The Hard Rock Café Toronto has always had employees fall in love with its rock history. Some waited tables while singing and dancing to Britney Spears’ songs, others remembering Led Zeppelin. Three years ago, Sam Taylor, 20, was waiting for his job interview at The Hard Rock Café while discreetly playing Gov’t Mule’s Soulshine with an imaginary guitar.
“I was on my way out of the restaurant when I saw this plaque on the wall, right beside the door,” he said. “This place used to be the old Friar’s Tavern. I was hired, and I knew it was just the beginning of an amazing job.”
The Friar’s Tavern, between 1963 and 1976, was one of the most popular nightclubs on Yonge Street. For more than 10 years, its stages featured many rock and jazz legends.
Perhaps most famously, the Friar’s Tavern brought Bob Dylan to Toronto. The performances of the band, Levon and the Hawks, at the Friar’s Tavern had charmed Dylan’s manager’s assistant; she urged Dylan to watch them play. Eventually the partnership between Dylan and that hard-edged Toronto rock band, in 1965, would create the famous group The Band.
Nicholas Jennings, a music journalist, has written about this period in Toronto’s music history and the formation of The Band.
“It was that combination of great musical backing with poetry that took Bob Dylan into the next phase of his career, basically one of the most influential chapters in music,” Jennings said.
The southeast corner of Yonge and Dundas streets, in Toronto, has seen a lot of rock and roll. Two years after the Friar’s Tavern closed its doors, in 1978, it became a rock restaurant.
Taylor today is a “vibe host” at the Hard Rock Café. He tours visitors around the restaurant showing plaques, guitars, clothes and objects, which were used, donated by famous artists and then displayed on the walls. Among Taylor’s favourites is a collection of Dylan clothes and harmonicas.
“The Friar’s Tavern held some very memorable shows from some big stars, including Bob Dylan and Oscar Peterson long before it was a Hard Rock,” Taylor said. “Plaques to commemorate the venue can be seen on the restaurant walls today, and the building itself has remained kept up.”
Taylor points out that the window side of the restaurant used to be the stage used by Bob Dylan and Levon and the Hawks for rehearsals.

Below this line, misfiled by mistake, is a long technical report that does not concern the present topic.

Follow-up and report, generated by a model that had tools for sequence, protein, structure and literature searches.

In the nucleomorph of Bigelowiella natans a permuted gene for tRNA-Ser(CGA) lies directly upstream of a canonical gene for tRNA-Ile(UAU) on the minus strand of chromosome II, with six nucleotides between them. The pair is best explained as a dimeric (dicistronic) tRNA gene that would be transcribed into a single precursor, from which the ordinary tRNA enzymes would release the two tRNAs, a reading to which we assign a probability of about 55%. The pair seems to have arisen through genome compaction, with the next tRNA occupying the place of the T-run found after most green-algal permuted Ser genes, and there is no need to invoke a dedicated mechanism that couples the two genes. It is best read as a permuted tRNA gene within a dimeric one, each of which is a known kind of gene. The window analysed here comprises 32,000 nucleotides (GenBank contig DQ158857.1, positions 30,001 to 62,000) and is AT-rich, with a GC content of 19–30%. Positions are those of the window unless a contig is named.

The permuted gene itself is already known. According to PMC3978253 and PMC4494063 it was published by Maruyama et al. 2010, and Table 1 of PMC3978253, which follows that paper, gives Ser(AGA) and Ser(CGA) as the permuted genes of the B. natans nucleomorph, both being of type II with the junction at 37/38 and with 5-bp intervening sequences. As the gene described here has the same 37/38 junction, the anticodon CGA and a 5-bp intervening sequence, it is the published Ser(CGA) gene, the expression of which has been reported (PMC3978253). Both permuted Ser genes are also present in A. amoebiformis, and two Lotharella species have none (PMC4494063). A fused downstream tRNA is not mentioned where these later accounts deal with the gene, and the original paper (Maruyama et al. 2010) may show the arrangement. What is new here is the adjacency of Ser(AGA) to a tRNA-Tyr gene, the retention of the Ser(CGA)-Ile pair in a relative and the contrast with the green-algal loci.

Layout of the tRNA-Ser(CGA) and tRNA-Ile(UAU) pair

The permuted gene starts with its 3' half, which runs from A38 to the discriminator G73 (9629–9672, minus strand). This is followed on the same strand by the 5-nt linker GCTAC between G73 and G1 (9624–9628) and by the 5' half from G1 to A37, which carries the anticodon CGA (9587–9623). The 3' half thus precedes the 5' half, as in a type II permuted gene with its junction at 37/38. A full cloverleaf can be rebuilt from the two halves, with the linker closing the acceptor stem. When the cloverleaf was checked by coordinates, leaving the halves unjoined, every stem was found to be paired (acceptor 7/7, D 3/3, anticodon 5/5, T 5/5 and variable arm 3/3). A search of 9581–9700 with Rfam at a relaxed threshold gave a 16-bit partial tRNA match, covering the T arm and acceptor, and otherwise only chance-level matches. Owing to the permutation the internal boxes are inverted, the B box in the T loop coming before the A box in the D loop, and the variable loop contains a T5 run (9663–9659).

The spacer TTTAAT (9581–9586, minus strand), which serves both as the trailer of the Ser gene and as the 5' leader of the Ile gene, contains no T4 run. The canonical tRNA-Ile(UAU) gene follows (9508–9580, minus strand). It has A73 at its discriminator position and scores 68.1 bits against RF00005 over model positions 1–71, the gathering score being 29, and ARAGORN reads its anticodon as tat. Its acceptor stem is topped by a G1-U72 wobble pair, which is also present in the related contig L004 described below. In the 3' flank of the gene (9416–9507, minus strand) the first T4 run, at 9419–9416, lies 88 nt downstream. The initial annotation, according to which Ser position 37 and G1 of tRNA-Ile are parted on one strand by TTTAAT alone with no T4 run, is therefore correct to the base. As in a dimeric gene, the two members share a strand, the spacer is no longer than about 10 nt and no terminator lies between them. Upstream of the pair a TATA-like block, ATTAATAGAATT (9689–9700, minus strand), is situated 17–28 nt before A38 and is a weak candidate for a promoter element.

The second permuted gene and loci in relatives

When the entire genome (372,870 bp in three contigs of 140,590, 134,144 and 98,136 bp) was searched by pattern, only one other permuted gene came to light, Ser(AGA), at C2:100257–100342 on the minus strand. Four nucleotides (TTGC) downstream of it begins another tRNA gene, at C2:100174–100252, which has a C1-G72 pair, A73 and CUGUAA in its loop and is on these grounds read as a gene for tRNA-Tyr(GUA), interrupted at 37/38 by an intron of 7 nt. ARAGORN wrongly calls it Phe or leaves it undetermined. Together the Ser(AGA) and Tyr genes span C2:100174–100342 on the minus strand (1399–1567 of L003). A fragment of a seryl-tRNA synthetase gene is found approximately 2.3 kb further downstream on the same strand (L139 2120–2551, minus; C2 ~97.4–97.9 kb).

During its years of operation, the Friar’s Tavern attracted a great deal of attention, including a curious Charles Rockwell, who was too young to get into the venue.
“When I was still under-aged for the tavern, I used to go to the restaurant part of it. I would seat there alone, have a burger and a coke and a side of life-changing tunes coming through the wall,” Rockwell said.
Back to mid ’60s, Rockwell remembers one of his first nights inside the Friar’s Tavern, in particular, a performance by John and Lee and the Checkmates.
“I was mesmerized with the atmosphere. The stage used to have big billboard letters that said ‘Friar’s-a-go-go,’ and girls dancing inside cages on each extremity of it,” Rockwell said. “That place has defined my music predilection. I had the time of my life, I guess I live up to my last name.”
Jennings had a history in the area and the era. He said he was a journalism student at Ryerson University, in Toronto; meanwhile, he worked as a dishwasher at the Riverboat coffeehouse in Yorkville.
“My very first experience with music was when I saw The Beatles at Maple Leafs Gardens. That opened my world to music,” Jennings said. “I also had a part-time job at the Riverboat coffeehouse where I got exposed to huge talents. I, then, became convinced that music was always going to be part of my life.”
Today, the Hard Rock Café entertains people who used to play or visit it as the Friar’s Tavern. The restaurant holds events every month when old classics are played in open jam sessions.
“279 Yonge St. is still alive, still rocking, only this time you can bring your kids,” Taylor said.